Knowing How Much Less Other Students Drink Helps Heavy Drinking College Students Cut Back
College students who drink heavily often wrongly believe that their peers drink equivalently, but when heavy drinking college students receive accurate information about the quantity consumed by peers; they reduce their own drinking.
Could simple web based feedback about normal levels of alcohol consumption reduce alcohol use disprders and binge drinking on college campuses?
Researchers at The Cochrane Library, (an independent organization that evaluates medical and health care research to reach evidence based recommendations) examined a total of 22 studies that evaluated college drinking, 21 of which occurred on American college campuses.
In these 22 studies, students were placed in control or intervention groups. Students in the intervention groups received feedback about the drinking habits of other college students as well as accurate information about how much money they were spending on alcohol, precisely how much they were drinking, how many calories they were consuming and any health risks associated with their level of consumption.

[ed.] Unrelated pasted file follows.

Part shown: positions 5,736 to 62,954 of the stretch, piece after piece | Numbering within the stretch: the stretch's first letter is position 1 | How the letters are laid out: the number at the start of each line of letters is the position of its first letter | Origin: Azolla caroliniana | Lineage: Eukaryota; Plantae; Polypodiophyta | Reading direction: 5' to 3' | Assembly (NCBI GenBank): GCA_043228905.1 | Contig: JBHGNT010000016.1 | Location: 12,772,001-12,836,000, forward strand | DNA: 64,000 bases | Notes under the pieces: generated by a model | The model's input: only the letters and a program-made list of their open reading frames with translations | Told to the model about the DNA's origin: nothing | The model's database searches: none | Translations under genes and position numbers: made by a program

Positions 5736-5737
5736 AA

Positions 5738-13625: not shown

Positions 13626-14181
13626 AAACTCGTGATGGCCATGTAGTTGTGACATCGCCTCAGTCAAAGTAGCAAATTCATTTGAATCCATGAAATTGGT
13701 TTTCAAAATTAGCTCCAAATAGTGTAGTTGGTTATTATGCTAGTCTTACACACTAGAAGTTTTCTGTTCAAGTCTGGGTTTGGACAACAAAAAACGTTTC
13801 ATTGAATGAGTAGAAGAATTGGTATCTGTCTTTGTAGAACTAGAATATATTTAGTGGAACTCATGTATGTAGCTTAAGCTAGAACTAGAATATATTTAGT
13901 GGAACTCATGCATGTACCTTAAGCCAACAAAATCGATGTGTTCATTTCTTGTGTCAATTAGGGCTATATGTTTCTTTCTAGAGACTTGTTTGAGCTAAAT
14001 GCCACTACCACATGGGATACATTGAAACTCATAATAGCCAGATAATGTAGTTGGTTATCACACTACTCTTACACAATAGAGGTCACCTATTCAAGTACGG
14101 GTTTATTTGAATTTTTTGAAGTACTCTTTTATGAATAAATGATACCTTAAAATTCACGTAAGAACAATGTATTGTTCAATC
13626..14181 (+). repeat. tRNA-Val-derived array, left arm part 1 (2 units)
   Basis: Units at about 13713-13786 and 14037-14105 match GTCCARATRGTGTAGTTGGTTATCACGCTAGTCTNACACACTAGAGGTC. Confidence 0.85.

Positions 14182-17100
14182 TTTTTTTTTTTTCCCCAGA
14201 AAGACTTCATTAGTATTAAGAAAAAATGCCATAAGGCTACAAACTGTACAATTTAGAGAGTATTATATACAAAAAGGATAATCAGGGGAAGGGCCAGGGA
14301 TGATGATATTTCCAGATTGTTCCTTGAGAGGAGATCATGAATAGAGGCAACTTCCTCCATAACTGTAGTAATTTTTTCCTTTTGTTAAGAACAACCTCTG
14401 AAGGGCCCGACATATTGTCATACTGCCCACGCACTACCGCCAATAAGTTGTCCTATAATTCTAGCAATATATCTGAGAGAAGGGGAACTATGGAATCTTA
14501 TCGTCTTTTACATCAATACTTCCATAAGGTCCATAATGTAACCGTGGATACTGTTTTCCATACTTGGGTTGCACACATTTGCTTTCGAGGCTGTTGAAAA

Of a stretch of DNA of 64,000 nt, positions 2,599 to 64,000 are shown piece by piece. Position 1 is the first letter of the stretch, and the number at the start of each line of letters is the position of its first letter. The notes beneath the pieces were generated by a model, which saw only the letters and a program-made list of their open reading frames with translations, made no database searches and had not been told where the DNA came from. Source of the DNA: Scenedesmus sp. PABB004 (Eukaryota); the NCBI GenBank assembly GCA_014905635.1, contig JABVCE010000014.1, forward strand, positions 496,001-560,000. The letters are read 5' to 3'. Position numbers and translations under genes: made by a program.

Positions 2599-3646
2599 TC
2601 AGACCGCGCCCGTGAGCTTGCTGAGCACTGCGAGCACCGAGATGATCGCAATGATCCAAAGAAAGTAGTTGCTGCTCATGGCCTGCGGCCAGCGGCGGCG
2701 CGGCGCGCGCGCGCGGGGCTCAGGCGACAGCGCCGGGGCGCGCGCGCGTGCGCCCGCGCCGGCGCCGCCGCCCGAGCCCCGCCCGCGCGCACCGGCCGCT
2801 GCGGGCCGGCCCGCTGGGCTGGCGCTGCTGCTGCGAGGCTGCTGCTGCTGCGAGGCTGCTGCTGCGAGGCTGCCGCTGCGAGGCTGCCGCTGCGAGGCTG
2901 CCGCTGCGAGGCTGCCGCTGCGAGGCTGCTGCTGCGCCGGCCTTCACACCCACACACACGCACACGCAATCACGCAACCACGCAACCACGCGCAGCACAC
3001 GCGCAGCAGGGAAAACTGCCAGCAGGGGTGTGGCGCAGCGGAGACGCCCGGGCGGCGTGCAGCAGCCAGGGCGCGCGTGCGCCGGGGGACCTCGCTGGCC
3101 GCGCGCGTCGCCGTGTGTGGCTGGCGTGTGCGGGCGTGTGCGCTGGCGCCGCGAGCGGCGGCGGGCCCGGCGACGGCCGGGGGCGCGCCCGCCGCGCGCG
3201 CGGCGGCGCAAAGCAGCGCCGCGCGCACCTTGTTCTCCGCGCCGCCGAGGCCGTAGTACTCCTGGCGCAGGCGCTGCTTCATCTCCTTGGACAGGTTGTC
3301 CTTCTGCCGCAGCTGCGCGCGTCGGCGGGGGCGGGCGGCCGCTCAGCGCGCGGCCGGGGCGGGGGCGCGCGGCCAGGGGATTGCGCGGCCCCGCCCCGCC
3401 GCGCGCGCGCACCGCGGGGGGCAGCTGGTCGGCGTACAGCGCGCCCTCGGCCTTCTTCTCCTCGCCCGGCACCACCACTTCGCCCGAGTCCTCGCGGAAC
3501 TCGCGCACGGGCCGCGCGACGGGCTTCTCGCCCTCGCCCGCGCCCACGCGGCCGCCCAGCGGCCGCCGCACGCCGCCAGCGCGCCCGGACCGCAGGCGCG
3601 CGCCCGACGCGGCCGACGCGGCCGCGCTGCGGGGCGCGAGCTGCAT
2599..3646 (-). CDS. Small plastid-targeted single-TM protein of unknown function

Feedback was delivered in person, over the web, by mail or in a group setting.
The researchers found that when heavy drinking students received feedback over the web, 65% of these students reduced their drinking (a reduction across frequency, total amount and session amount) and 62% self-reported a reduction in alcohol related problems.
When heavy drinking students received in-person counseling and feedback, 63% reduced their drinking frequency.
Intervention by mail or in groups however, did not produce any significant reduction effect.
The research reviewers call for additional studies on feedback interventions to reduce excessive alcohol use in certain environments.